A small study (n=42) from the Journal of Medical Internet Research (JMIR) shows that specialist consultations between professionals are most effective when incorporating annotations into images. This study reinforces an element of research that is dear to us in the Klick Insights group: subjects, even highly trained specialists, cannot accurately predict their own performance. The test subjects expected that they would perform better with images than with just speech, but they didn’t think annotations would make a difference, but in the memory test they did.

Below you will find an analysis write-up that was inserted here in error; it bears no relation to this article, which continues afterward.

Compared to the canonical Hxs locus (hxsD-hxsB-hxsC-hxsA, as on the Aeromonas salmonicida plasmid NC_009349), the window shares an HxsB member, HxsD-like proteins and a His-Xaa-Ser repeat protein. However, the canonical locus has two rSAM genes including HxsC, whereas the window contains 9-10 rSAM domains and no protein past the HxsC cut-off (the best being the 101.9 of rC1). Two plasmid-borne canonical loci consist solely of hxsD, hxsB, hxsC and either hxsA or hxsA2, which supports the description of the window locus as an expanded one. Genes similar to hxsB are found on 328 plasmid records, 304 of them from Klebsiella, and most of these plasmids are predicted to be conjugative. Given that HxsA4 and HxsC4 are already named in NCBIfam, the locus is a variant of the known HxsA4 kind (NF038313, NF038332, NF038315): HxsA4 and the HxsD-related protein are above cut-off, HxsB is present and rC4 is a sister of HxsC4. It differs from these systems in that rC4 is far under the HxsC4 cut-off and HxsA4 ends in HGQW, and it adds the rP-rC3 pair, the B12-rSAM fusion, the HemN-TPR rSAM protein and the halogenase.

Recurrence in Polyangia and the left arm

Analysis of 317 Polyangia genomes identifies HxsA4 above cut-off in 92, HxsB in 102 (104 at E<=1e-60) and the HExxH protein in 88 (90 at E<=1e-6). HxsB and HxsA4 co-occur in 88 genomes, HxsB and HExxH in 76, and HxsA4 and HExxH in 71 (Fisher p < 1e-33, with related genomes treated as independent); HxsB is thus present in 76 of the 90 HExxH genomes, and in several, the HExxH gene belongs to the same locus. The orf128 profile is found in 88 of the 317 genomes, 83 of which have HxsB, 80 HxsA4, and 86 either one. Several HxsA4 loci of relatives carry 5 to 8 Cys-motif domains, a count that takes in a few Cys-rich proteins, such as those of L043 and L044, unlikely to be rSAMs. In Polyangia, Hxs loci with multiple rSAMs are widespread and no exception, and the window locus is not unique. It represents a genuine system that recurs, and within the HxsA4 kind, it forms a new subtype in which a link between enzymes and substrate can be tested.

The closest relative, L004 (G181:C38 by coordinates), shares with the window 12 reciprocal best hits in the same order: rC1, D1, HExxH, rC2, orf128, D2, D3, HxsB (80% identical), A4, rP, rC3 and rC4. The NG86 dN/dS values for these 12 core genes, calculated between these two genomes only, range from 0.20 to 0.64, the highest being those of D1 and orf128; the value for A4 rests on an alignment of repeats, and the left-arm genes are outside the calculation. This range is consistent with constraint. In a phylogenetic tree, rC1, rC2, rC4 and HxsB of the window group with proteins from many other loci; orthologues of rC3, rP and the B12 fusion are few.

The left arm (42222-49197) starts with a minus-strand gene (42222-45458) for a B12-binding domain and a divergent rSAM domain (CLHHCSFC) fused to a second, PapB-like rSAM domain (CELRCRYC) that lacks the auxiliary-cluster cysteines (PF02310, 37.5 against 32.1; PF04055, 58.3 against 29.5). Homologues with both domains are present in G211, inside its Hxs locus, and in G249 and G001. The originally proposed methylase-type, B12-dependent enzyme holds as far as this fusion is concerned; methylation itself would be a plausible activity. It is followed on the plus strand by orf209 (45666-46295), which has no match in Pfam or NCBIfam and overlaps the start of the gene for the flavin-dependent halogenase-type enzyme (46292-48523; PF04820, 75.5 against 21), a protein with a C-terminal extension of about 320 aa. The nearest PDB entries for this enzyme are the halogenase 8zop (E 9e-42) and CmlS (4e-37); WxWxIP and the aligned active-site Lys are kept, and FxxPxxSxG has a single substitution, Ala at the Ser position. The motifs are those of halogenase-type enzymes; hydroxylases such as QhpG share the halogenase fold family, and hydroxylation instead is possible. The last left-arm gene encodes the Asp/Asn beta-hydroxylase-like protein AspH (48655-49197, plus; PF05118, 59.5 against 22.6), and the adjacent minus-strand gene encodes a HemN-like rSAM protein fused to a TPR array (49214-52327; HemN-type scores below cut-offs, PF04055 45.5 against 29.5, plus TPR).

The researchers found a disconnect between the self-reports and the recall test. Both the image group and the image plus annotations group evaluated the specialist’s support considerably more positively than the speech group. But on the recall test, the image-and-speech group scored comparably to the speech-only group, while the annotation group had markedly better recall.
It is reasonable to assume there is some learning here that can be applied to patients as well. Images are fine, but unless you allow the participants to annotate them the messages may not stick.
Other stories in MobiHealthNews from last week:
- 10 companies paid Happtique for health app certification
- Bill seeks to integrate digital health into Medicare, Medicaid, VA, military care
- Industry groups to HHS: Include patient generated data in MU Stage 3